The Jewish Telegraph Association in “Here’s why we report on the Jewish victims of general tragedies” explains why it would be OK that it time and again reports on (tiny) Jewish angles in general stories. I appreciate the doubt!

Is that not chauvinist? Is it not ridiculous to look for rare Jewish victims in general tragedies, or focus on one Jewish winner among many non-Jewish ones, just in order to bring home the news to Jewish readers?

While arguing that all people are most interested in what happens to “their own,” he misses something crucial.

Judaism is characterized by two aspects, as I learned from Rabbi Lopes Cardozo: Jewish and humanistic stuff. We have Shabbat, kosher and our own sexual laws, but we have also things like: the Torah is given to all of Mankind through the Jews, Jews must be like Priests to all the Nations and Jews should work in Repairing the World – not just their own tent.

And just when you would argue that Jews are no better than Gentiles, and must be as egotistical, self-centered and small-minded as everyone else, I will say that anyway we are held to a higher standard. It is part of the rationale of our existence as Chosen Nation – the only People with an eternal mission.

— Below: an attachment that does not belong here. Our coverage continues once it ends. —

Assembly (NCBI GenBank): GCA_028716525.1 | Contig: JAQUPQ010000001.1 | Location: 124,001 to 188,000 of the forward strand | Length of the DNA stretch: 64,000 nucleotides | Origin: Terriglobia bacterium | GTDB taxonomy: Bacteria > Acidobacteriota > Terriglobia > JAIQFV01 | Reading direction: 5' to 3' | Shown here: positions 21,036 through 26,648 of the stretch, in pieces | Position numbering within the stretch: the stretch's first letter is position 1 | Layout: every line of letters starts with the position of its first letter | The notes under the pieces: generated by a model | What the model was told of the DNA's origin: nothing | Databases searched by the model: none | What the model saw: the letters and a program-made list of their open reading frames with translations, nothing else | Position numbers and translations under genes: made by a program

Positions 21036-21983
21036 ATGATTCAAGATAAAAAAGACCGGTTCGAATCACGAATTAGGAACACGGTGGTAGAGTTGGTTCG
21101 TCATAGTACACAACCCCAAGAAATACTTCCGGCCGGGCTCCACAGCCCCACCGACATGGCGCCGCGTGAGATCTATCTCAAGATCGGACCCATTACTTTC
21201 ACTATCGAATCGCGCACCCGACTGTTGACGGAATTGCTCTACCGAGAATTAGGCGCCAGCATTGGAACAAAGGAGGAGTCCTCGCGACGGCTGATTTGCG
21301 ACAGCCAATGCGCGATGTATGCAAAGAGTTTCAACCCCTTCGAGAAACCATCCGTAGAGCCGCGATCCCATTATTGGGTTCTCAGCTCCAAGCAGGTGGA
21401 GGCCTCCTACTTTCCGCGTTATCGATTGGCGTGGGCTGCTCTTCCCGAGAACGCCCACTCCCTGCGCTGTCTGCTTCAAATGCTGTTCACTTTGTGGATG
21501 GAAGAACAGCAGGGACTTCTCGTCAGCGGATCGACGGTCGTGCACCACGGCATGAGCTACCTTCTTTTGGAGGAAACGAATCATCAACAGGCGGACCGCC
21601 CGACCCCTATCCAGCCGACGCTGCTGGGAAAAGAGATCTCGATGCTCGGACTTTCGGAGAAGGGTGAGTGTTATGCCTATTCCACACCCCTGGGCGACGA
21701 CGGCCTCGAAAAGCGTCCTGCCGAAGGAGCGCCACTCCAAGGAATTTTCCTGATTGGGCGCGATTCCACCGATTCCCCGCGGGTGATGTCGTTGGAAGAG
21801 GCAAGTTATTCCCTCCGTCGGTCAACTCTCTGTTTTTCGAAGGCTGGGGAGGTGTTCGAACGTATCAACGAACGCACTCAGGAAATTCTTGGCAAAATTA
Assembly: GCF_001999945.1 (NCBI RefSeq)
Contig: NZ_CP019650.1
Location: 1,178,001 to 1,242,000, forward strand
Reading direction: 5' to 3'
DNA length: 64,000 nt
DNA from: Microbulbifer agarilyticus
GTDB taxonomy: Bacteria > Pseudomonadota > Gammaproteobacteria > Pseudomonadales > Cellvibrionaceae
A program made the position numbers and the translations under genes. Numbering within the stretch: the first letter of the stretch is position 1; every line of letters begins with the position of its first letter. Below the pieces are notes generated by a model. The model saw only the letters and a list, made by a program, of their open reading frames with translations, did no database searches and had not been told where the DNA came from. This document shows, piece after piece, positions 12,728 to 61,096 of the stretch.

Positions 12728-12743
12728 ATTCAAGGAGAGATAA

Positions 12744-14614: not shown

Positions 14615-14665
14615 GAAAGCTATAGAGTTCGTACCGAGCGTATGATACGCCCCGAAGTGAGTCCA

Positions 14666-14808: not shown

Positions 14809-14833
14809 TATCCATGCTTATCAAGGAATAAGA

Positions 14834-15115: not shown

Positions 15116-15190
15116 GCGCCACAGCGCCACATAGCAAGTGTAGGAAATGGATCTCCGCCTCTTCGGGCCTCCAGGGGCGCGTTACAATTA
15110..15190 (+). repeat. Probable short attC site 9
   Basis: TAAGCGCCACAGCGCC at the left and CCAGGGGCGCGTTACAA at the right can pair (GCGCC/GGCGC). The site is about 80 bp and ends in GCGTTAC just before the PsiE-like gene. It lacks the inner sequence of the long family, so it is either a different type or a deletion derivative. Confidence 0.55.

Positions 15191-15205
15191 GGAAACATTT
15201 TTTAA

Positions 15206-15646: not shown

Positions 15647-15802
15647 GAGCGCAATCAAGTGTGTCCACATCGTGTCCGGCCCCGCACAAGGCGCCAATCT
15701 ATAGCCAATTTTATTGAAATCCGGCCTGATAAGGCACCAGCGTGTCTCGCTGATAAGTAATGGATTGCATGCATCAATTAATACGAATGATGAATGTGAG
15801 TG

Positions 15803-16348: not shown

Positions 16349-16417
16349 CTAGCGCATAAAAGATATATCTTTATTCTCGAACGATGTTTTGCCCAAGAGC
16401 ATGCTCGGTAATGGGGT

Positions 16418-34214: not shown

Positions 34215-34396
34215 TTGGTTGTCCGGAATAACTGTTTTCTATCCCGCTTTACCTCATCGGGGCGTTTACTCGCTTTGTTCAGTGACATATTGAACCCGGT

What’s good enough for the Gentiles is not good enough for the Jews. (My variation to “What’s good for the goose is good for the gander.”) Gentiles should be good people; Jews must besides good be holy. (I don’t write we are – I write we should. Let others tell us if we are.)

Jews should feel empathy with Jews AND everyone. Which is happening, as we see in the unprecedented number of Israeli Jewish organizations that stand up for Gentile rights and needs (sometimes even slandering their own in the process).

Possibly subconsciously, the JTA boss seems to think so too. The length of his defense may be telling, as the French say so well: “qui s’excuse s’accuse,” or Shakespeare: The lady doth protest too much, methinks.

His solution is that it’s OK to focus on “our own” first, but that that then should be the opening to focus after that on everyone else. Unfortunately JTA does not always do that – understatement.

But I say: Don’t worry. Jews can handle the Jewish AND the humanistic angle. Use them both. Mix them. To be a humanist is Jewish too.